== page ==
6 In fact, counsel has a duty to cite all relevant authorities to the court, to enable it to arrive at an informed decision. Rule 56 of the Legal Profession (Professional Conduct) Rules3 states that “an advocate and solicitor shall not knowingly deceive or mislead the Court”. Rule 60(c) also imposes a duty on an advocate and solicitor to “inform the Court of all relevant decisions and legislative provisions of which he is aware whether the effect is favourable or unfavourable” to his case. The significance of this duty was illustrated most recently in Sutanto Henny v Suriani Tani(also known as Li Yu).4 In this case, counsel had referred Belinda Ang Saw Ean J to the dictum in an English decision to support his argument. Unfortunately, he failed to draw the judge’s attention to the fact that this dictum was later disapproved in another English decision, prompting her to comment that “this remiss is unsatisfactory as the dictum was an added reason for ruling in the plaintiff’s favour.”5

Excessive citation

7 At the other extreme is the growing problem of excessive citation of primary authorities by counsel. Many appeals now come with voluminous bundles of authorities which include repetitive, unnecessary or irrelevant materials.6 The problem has become increasingly pressing today, with the proliferation of more comprehensive reporting of cases in Singapore and other jurisdictions, and the growing availability of new research databases. As the amount of readily available material grows, the danger of excessive citation of such primary authorities also correspondingly increases.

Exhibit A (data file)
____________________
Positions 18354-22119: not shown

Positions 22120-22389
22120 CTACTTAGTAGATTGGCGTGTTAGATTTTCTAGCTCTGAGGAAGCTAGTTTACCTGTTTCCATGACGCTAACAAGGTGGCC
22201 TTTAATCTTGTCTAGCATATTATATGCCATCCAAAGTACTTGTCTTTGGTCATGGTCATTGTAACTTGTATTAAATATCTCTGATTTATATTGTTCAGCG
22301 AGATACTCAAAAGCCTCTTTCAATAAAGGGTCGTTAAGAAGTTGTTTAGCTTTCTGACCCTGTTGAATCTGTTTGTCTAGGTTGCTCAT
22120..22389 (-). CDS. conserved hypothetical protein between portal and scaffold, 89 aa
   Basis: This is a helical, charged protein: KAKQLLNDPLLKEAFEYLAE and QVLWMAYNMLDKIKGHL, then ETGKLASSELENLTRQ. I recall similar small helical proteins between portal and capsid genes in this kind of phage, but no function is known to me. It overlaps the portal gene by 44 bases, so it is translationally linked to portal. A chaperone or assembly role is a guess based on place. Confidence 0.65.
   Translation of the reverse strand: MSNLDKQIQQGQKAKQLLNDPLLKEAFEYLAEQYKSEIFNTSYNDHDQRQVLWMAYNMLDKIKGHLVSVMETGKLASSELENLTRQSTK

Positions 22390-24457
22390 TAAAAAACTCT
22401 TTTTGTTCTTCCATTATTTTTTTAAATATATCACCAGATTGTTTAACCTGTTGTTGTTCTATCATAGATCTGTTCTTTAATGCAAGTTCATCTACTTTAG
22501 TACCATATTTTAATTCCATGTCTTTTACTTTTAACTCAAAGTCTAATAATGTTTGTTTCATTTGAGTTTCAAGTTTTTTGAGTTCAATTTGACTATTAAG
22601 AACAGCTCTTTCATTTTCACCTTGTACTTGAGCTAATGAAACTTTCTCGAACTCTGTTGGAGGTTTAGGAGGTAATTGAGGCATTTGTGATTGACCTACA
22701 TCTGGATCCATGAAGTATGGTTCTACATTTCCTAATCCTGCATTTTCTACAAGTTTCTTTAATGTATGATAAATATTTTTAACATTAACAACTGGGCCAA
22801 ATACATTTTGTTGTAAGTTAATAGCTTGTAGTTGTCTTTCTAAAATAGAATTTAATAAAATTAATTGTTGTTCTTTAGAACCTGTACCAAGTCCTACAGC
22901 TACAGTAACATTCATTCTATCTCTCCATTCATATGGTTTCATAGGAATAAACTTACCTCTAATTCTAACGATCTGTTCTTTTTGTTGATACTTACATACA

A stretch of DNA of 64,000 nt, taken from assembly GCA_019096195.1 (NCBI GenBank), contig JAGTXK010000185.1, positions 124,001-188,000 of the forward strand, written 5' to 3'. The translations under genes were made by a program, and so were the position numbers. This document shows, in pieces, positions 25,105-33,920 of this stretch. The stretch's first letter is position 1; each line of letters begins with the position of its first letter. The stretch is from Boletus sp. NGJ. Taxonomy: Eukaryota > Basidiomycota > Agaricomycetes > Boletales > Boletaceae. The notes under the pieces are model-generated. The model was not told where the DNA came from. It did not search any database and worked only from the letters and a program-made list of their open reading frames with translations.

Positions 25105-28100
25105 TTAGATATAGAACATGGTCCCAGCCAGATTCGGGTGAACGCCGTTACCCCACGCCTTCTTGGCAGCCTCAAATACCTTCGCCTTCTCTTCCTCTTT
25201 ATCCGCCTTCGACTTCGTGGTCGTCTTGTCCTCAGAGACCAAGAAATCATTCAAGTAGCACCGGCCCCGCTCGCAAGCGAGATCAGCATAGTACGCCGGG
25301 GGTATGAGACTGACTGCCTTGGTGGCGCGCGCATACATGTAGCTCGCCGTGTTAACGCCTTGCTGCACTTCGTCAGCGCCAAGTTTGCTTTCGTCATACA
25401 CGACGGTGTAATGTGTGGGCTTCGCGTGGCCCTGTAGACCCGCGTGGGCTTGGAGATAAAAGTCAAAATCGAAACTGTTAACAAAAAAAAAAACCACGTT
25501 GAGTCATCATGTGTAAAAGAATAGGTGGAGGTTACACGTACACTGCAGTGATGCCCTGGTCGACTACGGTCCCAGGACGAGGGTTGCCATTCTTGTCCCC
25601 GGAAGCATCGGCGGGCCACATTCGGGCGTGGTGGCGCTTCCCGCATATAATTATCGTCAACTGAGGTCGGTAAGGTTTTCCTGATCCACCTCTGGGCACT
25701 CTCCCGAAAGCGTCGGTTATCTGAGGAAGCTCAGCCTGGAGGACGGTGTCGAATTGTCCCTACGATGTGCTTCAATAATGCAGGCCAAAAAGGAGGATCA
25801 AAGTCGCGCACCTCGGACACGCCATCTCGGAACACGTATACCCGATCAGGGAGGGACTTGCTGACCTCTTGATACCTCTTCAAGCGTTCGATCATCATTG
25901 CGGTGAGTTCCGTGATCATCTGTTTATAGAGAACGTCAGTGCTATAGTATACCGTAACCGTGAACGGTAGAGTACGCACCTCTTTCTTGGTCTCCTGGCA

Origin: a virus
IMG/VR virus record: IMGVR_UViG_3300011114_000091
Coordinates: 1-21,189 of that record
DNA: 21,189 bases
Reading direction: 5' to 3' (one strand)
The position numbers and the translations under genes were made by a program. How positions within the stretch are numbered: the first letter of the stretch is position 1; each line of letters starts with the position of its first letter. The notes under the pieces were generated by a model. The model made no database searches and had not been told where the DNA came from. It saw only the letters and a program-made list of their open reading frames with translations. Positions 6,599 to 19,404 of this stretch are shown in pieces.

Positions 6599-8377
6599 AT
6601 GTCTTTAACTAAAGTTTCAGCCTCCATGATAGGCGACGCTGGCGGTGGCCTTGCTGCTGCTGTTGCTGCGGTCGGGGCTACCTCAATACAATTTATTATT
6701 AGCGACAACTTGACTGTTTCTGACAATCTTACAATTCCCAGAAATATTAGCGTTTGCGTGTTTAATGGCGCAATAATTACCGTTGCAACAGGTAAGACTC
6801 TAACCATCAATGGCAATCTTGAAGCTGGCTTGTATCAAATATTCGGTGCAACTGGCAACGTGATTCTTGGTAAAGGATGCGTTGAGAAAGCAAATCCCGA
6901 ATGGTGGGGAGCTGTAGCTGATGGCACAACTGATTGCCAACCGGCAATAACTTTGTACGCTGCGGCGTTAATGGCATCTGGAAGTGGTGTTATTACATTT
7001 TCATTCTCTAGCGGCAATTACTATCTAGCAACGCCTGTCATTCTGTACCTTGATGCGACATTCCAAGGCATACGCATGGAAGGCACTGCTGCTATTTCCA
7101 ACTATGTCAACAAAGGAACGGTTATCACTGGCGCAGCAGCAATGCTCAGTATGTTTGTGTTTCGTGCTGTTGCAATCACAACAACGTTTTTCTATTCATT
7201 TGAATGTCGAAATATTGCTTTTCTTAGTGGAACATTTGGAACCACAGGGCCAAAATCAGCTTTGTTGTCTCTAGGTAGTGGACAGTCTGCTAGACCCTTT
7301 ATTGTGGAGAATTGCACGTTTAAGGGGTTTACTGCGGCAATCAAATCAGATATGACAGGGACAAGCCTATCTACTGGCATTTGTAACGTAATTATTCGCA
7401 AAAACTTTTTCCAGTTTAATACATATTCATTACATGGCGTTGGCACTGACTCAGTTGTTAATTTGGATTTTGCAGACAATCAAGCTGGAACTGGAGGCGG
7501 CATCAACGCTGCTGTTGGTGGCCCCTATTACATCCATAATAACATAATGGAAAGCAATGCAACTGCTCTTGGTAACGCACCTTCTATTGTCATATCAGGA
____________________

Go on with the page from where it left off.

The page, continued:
The practice in the United Kingdom

8 As early as 1983, the English courts had already expressed concern over the indiscriminate citation of cases.7 In Re Freudiana Holdings Ltd,8 although only three authorities were significant, the Court of Appeal was supplied by both sides with bundles of twenty or so other authorities, “few of which were relevant and none of which was referred to”.9 Rose LJ, with whom Millett LJ agreed, opined:

The proper conduct of litigation does not require every point to be taken and every stone to be turned. The proper, efficient and effective conduct of litigation requires all involved to concentrate on the real issues in the case.

The legal profession in general, and the Bar in particular, must re-learn, or at least reapply, the skill which, historically, has been the hallmark of the profession, but which, in too many types of litigation, appears to be fast vanishing. I refer to the ability to identify and present to the Court, in however complex a case, the few crucial determinative issues and to discard, as irrelevant or immaterial dross, the minor points and excessive detail. This, of course, requires the exercise of discretion, judgment and skill, which are all qualities to be expected of those who practise in a learned profession.10

9 The excessive citation of authorities was deplored again by all three judges of the Court of Appeal in Hamblin v Field.11 In A v B plc,12 the same court noted that “the citation of authorities on the present scale adds hugely to the costs of litigation which is already inevitably high. It also creates huge problems for the judges hearing the applications.”13

10 The most penetrating analysis of the problem was provided by Laddie J in Michaels v Taylor Woodrow Developments.14 In the postscript to his judgment, which merits reproduction in some detail, the judge noted that: